Calcutta, Jan. 20: The preservation and beautification of the Maidan, Calcutta's endangered lungs, will be directly overseen by Calcutta High Court.
Justices Asim Kumar Banerjee and Rajendra Nath Sinha said today the court would shortly frame guidelines for the implementation of the programme and oversee its execution to ensure that the current focus on the wellbeing of the Maidan did not fizzle out.
'We have noted that the condition of the Maidan has improved after the present case was initiated. But the improvement cannot be a basis for disposing of the petition after framing rules for its maintenance. Considering all aspects, we believe it will be in order to intensify the court's focus on the Maidan and guide the preservation programme to its logical culmination,' the judges said while hearing a petition filed in 2003 by environmentalist Subhas Dutta.
'If necessary, there will be orders from time to time on the planned preservation and beautification of the vast greens,' the judges added.
The court's observation came in the wake of Dutta's submission that central to the case was the need for an overall framework within which the planned beautification of the Maidan could take place, and not the issue of custodianship.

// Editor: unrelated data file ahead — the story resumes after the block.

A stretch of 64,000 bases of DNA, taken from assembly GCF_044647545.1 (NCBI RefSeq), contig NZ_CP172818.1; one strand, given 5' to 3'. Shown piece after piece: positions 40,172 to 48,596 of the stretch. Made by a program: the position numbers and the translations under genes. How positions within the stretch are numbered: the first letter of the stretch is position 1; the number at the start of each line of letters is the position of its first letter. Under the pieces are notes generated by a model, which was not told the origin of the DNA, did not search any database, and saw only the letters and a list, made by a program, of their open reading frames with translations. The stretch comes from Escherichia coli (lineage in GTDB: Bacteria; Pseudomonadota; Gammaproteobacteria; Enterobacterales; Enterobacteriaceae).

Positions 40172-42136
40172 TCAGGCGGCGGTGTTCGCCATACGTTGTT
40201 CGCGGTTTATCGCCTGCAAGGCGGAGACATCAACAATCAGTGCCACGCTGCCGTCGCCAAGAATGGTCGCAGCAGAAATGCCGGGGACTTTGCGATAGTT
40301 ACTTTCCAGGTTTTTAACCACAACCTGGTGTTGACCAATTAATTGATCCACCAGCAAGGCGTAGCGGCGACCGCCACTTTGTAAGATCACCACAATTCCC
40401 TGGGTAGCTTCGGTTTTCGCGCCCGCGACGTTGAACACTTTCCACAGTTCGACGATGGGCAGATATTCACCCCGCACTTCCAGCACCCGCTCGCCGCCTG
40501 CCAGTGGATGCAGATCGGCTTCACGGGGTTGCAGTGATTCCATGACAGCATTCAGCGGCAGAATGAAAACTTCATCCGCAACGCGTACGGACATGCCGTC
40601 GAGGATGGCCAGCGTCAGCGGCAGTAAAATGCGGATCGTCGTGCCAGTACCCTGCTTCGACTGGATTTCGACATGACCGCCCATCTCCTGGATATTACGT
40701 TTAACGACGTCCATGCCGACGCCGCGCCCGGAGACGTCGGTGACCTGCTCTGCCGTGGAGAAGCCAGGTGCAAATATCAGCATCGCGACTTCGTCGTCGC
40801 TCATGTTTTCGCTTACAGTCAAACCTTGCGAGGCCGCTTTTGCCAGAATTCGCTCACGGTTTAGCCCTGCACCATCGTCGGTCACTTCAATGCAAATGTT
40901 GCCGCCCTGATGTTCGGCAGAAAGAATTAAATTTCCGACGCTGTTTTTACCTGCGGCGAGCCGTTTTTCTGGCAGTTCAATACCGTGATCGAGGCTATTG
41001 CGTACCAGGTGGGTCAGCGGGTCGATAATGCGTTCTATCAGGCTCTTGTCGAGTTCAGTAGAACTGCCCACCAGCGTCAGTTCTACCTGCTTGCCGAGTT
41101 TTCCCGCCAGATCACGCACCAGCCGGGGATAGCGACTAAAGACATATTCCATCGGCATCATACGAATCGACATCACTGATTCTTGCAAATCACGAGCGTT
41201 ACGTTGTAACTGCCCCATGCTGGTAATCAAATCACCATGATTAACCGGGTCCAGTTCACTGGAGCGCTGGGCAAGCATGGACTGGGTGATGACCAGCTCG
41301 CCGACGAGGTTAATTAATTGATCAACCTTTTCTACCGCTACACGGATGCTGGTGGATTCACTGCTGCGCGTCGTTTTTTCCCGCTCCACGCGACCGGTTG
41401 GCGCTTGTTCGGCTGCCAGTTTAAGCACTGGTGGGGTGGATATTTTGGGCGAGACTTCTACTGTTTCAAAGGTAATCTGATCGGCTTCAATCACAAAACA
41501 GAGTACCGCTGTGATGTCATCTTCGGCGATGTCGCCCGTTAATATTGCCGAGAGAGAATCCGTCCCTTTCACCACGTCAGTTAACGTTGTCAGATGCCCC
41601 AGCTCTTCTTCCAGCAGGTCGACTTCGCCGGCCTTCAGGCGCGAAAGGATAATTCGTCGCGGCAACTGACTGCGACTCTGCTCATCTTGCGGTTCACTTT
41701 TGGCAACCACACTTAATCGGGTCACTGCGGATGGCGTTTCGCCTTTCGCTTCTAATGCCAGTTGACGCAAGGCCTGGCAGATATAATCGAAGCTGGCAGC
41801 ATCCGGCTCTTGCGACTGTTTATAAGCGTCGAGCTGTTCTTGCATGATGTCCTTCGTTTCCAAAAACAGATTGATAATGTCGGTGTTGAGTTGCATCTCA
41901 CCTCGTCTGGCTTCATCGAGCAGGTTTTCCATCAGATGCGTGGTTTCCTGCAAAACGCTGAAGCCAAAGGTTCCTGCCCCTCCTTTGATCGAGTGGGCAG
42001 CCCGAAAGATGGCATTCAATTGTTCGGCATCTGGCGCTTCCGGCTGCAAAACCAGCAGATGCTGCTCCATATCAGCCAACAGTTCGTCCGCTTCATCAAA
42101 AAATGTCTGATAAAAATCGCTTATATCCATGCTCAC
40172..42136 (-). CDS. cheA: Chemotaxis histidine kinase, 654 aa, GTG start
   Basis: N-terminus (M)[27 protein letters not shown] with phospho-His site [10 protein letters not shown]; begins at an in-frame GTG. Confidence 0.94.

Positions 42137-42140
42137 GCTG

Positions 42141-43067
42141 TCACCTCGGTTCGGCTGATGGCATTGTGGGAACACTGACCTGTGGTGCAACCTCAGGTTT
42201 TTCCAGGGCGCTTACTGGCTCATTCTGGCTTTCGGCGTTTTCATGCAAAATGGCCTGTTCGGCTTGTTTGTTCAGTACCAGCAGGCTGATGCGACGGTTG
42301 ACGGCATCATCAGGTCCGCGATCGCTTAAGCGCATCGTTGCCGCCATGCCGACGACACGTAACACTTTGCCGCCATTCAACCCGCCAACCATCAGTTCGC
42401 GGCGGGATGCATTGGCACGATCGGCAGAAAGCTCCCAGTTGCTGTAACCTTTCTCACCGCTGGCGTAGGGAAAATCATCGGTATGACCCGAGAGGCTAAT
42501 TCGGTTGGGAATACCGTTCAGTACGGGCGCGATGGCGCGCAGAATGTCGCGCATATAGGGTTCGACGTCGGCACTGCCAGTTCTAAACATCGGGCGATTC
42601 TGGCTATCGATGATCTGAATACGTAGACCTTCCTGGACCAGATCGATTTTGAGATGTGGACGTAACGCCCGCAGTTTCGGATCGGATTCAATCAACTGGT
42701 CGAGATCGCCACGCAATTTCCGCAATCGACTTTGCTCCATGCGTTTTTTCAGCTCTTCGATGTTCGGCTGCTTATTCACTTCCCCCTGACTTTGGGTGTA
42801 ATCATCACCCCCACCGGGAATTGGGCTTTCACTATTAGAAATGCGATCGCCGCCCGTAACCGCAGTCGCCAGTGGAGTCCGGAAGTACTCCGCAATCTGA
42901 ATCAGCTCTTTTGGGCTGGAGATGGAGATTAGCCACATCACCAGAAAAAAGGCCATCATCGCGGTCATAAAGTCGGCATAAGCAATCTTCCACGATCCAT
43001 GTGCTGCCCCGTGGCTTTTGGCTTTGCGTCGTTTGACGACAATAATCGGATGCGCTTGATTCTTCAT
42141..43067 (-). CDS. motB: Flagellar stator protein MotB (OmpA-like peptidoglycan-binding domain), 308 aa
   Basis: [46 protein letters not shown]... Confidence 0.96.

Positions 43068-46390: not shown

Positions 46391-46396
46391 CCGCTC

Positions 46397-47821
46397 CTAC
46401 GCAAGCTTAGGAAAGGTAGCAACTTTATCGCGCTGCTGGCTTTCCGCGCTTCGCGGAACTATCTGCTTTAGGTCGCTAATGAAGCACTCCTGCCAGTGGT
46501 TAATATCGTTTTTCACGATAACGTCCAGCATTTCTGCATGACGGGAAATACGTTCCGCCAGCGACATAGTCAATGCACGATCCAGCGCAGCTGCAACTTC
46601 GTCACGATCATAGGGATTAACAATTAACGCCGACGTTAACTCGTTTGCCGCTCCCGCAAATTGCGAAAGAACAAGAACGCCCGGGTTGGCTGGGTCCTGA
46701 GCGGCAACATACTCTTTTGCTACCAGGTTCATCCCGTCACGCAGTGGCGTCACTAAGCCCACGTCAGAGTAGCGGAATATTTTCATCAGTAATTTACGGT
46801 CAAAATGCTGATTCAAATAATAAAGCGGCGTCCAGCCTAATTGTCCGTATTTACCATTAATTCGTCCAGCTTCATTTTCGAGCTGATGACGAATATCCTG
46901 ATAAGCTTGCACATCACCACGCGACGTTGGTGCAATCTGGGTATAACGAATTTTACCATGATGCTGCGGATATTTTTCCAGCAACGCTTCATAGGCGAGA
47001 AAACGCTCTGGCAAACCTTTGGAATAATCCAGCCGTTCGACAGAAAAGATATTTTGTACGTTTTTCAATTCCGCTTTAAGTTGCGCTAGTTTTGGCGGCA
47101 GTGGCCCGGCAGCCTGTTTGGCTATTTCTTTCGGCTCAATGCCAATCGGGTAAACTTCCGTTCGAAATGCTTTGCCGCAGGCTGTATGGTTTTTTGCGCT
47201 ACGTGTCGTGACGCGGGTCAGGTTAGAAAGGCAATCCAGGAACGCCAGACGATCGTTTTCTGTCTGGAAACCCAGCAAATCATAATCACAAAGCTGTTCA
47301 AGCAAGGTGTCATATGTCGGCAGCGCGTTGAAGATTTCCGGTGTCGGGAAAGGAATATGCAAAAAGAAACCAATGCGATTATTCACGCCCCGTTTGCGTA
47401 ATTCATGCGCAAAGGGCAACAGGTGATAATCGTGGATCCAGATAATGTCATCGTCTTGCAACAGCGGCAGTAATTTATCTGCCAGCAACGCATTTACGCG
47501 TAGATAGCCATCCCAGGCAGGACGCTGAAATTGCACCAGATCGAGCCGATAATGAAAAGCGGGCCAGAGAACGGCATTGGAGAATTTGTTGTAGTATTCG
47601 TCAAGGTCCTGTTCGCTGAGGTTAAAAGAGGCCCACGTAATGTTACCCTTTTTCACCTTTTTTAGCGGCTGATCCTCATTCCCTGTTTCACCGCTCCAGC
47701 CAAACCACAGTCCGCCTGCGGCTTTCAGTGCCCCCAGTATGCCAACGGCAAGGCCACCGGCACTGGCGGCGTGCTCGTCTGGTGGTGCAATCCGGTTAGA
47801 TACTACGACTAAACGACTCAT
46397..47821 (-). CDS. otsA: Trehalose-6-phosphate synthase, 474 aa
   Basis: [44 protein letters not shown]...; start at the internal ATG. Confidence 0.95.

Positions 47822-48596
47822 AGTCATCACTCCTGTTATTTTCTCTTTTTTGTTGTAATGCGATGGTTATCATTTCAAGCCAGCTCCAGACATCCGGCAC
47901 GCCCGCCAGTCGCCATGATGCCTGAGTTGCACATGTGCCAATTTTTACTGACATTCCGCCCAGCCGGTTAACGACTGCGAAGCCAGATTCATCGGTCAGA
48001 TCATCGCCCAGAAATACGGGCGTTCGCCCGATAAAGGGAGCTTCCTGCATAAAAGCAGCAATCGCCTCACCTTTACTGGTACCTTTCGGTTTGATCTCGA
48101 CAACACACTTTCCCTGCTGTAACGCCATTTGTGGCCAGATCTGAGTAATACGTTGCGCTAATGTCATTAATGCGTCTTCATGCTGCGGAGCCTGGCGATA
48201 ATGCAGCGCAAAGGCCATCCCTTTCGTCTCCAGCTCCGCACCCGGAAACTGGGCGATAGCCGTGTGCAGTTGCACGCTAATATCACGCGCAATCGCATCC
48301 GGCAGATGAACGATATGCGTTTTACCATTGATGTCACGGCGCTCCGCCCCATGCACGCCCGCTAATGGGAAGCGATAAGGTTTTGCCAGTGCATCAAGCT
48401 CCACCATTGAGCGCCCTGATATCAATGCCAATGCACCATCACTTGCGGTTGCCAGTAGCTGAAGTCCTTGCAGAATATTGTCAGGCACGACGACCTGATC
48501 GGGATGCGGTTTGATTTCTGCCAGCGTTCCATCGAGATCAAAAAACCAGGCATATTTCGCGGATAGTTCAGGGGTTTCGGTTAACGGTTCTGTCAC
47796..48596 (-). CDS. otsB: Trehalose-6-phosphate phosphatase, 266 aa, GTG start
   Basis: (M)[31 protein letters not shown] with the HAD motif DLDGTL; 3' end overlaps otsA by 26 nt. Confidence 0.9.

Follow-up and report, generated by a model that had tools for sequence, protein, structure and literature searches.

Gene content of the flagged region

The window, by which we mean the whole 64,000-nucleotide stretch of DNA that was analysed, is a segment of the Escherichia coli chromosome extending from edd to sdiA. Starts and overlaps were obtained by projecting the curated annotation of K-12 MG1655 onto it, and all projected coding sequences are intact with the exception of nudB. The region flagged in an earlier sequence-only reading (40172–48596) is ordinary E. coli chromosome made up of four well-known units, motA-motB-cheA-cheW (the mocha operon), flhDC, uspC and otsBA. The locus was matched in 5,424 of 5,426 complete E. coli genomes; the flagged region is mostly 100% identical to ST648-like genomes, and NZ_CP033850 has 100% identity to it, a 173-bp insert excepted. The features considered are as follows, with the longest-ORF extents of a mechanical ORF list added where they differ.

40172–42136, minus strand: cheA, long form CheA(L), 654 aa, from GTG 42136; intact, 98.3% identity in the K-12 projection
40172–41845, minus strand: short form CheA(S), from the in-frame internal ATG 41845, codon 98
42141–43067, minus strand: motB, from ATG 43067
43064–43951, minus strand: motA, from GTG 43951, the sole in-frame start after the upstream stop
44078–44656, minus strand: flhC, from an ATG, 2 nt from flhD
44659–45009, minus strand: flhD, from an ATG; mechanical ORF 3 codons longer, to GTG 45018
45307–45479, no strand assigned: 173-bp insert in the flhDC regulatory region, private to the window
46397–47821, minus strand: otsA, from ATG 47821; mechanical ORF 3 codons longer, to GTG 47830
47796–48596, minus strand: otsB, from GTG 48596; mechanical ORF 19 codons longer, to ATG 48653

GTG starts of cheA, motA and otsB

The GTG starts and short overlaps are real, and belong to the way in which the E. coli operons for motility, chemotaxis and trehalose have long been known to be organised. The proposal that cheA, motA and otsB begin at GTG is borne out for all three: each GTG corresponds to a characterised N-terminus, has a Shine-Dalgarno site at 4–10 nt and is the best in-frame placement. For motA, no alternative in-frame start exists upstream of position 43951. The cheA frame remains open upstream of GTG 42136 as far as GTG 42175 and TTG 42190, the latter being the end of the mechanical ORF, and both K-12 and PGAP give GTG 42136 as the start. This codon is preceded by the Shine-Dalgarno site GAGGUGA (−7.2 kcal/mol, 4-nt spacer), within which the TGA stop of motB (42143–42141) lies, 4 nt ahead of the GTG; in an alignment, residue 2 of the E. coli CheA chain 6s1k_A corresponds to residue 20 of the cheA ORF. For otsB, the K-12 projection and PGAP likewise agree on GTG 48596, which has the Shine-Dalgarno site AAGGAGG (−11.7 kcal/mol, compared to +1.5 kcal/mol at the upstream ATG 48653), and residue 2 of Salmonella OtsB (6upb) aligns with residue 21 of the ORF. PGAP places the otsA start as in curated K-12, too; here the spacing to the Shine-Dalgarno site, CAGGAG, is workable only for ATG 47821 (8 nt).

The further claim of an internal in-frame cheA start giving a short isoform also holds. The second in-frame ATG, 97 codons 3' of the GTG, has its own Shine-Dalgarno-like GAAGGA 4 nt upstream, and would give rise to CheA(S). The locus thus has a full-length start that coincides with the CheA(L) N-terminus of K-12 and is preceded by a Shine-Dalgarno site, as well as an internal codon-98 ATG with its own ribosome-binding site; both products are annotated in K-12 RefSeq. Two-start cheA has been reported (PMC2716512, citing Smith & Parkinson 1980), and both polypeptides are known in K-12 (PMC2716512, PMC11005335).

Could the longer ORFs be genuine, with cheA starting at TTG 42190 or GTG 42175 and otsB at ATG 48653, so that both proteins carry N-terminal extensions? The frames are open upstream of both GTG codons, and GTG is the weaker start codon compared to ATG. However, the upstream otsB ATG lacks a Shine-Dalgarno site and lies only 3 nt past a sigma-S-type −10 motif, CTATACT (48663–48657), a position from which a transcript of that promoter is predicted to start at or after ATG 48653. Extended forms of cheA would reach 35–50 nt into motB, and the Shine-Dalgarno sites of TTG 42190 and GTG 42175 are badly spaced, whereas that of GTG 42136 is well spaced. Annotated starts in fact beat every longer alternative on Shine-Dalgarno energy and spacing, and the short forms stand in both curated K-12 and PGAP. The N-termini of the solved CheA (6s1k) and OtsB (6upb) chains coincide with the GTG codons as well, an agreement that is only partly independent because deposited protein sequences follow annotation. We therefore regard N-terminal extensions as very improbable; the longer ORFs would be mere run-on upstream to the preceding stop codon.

'As the petitioner of the supplementary affidavit, I have no view to offer on custodianship. In fact, it is of secondary interest (to me). To my mind, of paramount importance are guidelines for the implementation of the preservation and beautification programme,' Dutta said.
Another factor that prompted the court decision on assuming the role of an overseer was a submission of the army, the court-appointed custodian. The army said it had received Rs 7 crore from the Centre for executing the programme which merited a defined set of rules. 'My client has received the money, but it wishes to proceed in this respect only after getting a direction from the court,' said Uttam Majumdar, the army's counsel.
The judges also criticised the Buddhadeb Bhattacharjee government for its slow approach to making arrangements for an alternative fair ground.
Reaffirming its earlier position, the bench said the government would have to ensure that the alternative site is ready within 2005. 'It seems we will have to hear the case at regular intervals and pass the necessary orders,' it added.
When Robilal Moitra, the government pleader, said the Calcutta Book Fair would flop if moved to another site, the judges said the argument did not sound convincing. 'People will visit the Calcutta Book Fair regardless of the venue,' the bench said.
The judges said they would take up the case again for hearing on February 17 after ascertaining the state of the Maidan post-book fair. 'We will wait and see how the Maidan looks after the book fair.'